The buildings of early Charleston did not have numbered addresses prior to or during the American Revolution. The earliest know street numbers began to appear in the mid-1780s, soon after the incorporation of the city in 1783. City records explaining the method of the early numbering system have not survived, so its logic is unclear. By observing the numbering of various addresses in the local newspapers and the city directories of the 1780s through the early 1800s, however, one can see that the streets were renumbered on multiple occasions. Again, no city records survive to explain these changes.
In September 1848 Charleston’s City Council ordered all buildings in the city (i.e. south of modern Calhoun Street) to be numbered immediately in preparation for a city-wide census. Two years later, after the city annexed the “Neck” area in 1850, the addresses between Calhoun Street and Mt. Pleasant Street slowly began to be numbered in accordance with the city’s existing system. In the wake of these two mid-century events, the street numbers of urban Charleston evolved to a point at which the addresses in many streets began to resemble modern address numbers.
In 1861 Frederick Ford published a “census” (really a directory) of the city of Charleston in which he arranged the contents alphabetically by street name and then sequentially by house number. Ford’s house numbering system was apparently of his own invention, however, for in September of that year City Council approved a plan to renumber the streets in accordance with the system used in Ford’s directory. Due to wartime exigencies, however, this work was postponed indefinitely.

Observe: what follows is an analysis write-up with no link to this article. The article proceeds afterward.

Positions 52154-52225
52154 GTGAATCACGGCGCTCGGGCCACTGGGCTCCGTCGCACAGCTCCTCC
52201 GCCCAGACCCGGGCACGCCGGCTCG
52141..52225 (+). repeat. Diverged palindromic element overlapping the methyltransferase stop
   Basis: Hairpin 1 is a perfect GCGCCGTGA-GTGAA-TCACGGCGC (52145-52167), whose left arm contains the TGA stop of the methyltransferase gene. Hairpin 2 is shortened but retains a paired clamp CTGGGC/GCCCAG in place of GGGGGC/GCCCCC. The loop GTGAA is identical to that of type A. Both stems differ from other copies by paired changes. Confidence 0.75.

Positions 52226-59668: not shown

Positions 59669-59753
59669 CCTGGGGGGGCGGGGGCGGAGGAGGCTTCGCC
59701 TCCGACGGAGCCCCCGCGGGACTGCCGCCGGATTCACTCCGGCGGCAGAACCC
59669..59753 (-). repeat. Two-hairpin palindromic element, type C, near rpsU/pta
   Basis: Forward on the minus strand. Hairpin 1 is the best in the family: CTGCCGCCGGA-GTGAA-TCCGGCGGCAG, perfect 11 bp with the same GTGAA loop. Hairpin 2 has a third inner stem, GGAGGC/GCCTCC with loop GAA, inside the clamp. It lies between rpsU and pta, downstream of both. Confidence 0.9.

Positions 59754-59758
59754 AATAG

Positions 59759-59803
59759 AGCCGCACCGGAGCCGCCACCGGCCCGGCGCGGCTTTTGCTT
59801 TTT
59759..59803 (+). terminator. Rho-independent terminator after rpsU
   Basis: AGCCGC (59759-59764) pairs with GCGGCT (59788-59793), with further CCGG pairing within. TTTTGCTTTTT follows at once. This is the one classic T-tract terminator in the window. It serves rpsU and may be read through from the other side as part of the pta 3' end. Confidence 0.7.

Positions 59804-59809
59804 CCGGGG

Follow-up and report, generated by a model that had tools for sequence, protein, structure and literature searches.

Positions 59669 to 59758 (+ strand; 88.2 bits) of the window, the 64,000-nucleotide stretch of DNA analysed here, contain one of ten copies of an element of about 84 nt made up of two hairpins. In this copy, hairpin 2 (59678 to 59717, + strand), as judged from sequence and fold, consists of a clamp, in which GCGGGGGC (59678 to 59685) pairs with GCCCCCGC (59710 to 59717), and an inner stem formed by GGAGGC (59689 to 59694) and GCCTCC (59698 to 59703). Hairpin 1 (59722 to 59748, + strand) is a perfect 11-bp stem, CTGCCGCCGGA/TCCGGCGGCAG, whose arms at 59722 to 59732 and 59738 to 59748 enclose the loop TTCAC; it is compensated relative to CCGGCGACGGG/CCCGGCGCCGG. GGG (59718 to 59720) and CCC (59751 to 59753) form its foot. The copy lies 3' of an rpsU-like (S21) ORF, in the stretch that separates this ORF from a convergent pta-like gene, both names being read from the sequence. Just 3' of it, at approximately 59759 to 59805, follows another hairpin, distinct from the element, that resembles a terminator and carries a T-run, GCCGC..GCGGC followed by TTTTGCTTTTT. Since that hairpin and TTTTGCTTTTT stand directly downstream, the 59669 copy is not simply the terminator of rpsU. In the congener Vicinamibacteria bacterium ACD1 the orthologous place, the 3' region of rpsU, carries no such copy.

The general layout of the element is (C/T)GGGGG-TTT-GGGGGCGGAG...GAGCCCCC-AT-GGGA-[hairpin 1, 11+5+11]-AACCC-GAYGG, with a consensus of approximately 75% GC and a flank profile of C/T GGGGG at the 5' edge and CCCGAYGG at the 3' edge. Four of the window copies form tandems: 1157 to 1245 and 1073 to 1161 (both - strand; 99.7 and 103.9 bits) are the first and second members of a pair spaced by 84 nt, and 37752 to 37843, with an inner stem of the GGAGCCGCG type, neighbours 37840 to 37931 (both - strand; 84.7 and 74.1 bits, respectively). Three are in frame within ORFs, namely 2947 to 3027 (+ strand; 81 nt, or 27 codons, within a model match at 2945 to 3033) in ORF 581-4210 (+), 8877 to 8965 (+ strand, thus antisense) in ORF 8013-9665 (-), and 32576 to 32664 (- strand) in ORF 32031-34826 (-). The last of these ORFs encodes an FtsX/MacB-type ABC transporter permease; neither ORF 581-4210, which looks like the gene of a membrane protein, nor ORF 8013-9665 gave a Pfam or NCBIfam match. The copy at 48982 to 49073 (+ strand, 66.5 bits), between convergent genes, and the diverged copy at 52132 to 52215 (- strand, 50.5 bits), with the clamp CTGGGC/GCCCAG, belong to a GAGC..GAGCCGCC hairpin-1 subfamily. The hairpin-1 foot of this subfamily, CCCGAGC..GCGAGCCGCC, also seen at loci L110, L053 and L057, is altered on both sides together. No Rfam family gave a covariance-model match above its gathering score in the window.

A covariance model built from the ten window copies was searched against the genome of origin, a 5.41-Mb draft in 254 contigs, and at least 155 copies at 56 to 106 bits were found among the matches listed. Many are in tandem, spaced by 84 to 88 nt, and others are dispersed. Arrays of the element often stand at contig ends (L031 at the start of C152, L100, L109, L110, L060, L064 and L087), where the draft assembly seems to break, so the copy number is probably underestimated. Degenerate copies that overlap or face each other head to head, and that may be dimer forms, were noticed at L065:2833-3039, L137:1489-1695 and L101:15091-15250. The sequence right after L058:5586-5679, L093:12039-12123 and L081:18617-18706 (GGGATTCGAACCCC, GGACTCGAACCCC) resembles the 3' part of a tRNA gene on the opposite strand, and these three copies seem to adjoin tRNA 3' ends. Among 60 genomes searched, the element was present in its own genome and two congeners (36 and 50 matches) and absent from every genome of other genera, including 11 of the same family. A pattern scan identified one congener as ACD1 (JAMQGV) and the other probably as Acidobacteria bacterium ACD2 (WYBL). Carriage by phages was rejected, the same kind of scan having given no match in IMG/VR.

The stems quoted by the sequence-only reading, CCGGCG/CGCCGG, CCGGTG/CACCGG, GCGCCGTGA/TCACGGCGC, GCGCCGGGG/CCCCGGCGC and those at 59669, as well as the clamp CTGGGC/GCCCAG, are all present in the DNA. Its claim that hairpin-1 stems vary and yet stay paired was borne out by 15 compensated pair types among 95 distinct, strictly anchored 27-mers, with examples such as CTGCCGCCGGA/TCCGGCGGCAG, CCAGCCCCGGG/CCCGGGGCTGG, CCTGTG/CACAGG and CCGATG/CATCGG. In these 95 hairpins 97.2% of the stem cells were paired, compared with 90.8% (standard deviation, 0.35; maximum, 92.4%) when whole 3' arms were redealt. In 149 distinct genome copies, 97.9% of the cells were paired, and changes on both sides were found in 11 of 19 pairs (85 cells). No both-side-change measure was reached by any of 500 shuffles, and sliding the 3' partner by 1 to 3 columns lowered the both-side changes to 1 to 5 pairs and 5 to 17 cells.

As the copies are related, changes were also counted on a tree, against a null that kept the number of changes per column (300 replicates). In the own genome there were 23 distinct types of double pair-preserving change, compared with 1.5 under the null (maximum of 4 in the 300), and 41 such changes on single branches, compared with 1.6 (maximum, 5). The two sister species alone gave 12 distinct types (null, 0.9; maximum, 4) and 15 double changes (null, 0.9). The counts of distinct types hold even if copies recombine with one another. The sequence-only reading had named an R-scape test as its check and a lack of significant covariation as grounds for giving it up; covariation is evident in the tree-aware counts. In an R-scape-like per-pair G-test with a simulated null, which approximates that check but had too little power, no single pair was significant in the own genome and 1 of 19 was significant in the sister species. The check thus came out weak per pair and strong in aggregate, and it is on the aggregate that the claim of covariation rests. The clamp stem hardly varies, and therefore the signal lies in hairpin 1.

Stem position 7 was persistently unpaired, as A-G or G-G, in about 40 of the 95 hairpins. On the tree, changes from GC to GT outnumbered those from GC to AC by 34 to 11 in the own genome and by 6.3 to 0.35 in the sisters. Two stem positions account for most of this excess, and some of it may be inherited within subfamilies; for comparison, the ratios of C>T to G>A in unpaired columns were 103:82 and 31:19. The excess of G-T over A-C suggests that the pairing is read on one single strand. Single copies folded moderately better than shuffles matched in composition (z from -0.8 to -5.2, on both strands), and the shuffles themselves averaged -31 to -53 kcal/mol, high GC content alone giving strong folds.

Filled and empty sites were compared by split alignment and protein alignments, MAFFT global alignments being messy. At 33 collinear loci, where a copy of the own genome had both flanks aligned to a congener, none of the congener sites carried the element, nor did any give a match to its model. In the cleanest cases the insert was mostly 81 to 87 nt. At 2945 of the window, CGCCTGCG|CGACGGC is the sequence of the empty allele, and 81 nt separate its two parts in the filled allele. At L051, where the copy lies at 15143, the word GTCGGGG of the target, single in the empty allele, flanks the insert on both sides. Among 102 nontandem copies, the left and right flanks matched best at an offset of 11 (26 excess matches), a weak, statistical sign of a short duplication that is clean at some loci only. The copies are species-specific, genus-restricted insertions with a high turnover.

Fifteen years after the conclusion of the Civil War, Charleston’s City Council renewed the discussion of street renumbering. On 22 June 1880, the city’s Committee on Streets recommended that an engineer be hired to survey the entire city in preparation for a complete renumbering of the buildings and vacant lots. More than a year later, on 13 December 1881, the same committee recommended more specifically “that a competent engineer be employed to draw a plat of the city dividing the squares into equal spaces of —– feet each. The said spaces to be numbered regularly from one upwards, with uniform numbers cast in iron or some other durable material.” Accordingly, on 8 August 1882 Council approved a contract with H. S. Lamblé to execute “a complete set of drawings of the City of Charleston by squares, showing the shape and dimensions of each lot and the dimensions and characters of the buildings on the lots, with descriptions of the same.” Nearly two years later, on 10 June 1884, the city hired William Brown to consult Lamblé’s recently-completed drawings and then to “number all of the houses and lots in the City of Charleston with zinc plates made of the best material and the numbers thereon hand painted.”